A streak of gray and a cheerful "Hi!"
A loop! A whirl! A vertical climb!
And once again you know it's time--
For Rocky and his friends!
This is a true story:
Back around 1989-1990, a friend and I found out that six VHS tapes of Rocky and Bullwinkle were going to be released later in the year. There was no such thing as Google--or even the World Wide Web--back then, but we were determined. In a few days we'd tracked down the number for the Bullwinkle Emporium (also known as the Dudley Do-Right Emporium on Sunset Strip in Hollywood).
In the sort of six-degrees moment someone from my generation could only dream of, we soon found ourselves on the phone with the wife of Jay Ward, creator of Rocky and Bullwinkle, with Jay Ward himself listening in the background. We made our pitch: Any video release of a cult classic like R & B had to have a video companion book. And we--this was no time for modesty--we were the ones to write it.
We talked, we pitched, we wheedled, we pled--back and forth through his wife--but to no avail. The videos were coming out because Ward had sold the rights--all the rights--to Buena Vista, a part of Disney. We could make our pitch to Disney, said Ward--through his wife--but he couldn't help us.
Disney being Disney, they never returned our calls and never produced a video guide.
I bring this up because tomorrow (Thursday the 19th) is the 50th anniversary of the first broadcast, on ABC, of "Rocky and his Friends," which later evolved into "The Bullwinkle Show."
Today it's remembered mostly for two reasons: First is that it's the exemplar (even for some who've never seen it) of kids' programming that adults would get. At the time, though, that wasn't a marketing gimmick--it was because the writers were given freedom to write whatever struck them as funny. And that's the second reason: R&B produced a several TV writers who later excelled because they were given such ridiculous latitude in their early days.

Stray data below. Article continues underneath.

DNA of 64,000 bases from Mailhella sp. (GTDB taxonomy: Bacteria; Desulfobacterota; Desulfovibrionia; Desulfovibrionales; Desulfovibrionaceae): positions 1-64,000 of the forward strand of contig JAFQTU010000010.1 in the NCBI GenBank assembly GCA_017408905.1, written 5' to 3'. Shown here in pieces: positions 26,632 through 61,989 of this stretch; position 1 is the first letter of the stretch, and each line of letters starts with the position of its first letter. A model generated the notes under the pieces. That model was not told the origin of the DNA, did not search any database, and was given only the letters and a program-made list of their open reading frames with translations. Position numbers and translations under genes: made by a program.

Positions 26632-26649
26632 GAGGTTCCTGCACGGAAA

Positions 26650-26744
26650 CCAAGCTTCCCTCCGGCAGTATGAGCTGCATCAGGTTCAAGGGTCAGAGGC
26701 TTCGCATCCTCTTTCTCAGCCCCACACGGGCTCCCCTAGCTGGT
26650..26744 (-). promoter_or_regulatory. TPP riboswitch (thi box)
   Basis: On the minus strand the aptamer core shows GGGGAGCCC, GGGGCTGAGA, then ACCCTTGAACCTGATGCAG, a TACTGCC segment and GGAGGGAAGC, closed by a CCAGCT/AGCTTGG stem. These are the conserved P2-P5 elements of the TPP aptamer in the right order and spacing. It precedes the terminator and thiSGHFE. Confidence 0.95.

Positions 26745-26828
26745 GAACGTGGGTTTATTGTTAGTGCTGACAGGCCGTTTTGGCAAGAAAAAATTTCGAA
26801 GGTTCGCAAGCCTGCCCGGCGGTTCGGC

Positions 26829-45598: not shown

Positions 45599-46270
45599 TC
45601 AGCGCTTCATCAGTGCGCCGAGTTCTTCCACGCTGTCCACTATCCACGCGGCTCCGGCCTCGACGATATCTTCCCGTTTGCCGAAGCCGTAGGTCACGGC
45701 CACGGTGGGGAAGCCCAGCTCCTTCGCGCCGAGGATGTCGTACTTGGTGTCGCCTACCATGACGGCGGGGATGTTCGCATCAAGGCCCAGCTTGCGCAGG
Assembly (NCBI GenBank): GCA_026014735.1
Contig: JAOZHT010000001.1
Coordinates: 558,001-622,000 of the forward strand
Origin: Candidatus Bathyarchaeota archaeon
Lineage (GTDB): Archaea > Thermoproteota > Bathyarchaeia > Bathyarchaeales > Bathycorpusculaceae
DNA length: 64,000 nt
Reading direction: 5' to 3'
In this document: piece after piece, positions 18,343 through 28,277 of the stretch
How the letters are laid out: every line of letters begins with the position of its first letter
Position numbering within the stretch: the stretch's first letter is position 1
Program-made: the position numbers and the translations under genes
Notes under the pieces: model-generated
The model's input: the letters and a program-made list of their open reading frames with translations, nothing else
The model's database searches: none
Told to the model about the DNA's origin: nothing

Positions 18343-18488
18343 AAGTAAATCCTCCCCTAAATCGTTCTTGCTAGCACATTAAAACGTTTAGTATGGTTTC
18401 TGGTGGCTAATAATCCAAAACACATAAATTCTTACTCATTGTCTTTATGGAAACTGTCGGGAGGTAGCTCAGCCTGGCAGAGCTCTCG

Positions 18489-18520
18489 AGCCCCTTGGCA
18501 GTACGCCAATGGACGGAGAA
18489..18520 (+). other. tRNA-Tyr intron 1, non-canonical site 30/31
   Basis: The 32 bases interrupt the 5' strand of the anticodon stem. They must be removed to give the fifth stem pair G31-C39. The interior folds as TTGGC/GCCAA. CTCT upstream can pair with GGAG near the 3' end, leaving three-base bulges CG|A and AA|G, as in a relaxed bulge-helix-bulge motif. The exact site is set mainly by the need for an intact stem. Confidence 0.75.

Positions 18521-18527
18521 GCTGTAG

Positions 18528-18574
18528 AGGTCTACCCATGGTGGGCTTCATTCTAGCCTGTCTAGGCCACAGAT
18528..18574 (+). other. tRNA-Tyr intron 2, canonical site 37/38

I had hoped to track down an installment from my favorite Rocky and Bullwinkle story--about Wassamatta U. It was a merciless parody of campus romance, university politics, and
So instead, I've included this episode from the adventure of The Kerwood Derby. The premise: It's a race between the good guys and the bad guys to find the Derby which will make the wearer the smartest person in the world--but only if he was the dumbest person in the world. (You can probably see where that's headed.) Enjoy.
Like a surprising number of gags and references in Rocky & Bullwinkle which created a political or legal kerfluffle, "Kerwood Derby" was nearly the center of a lawsuit.
My pal Keith, who hosts "Strictly the Sixties," streaming from WCCR FM (and is in fact the friend with whom I made the unsuccessful pitch to Ward 'way back when) dropped some broad hints that he'll probably do something to celebrate the golden anniversary of the moose and squirrel. It's how he rolls. I encourage you to tune in between 10am and noon Eastern time tomorrow (Thursday) to see what he offers up in tribute.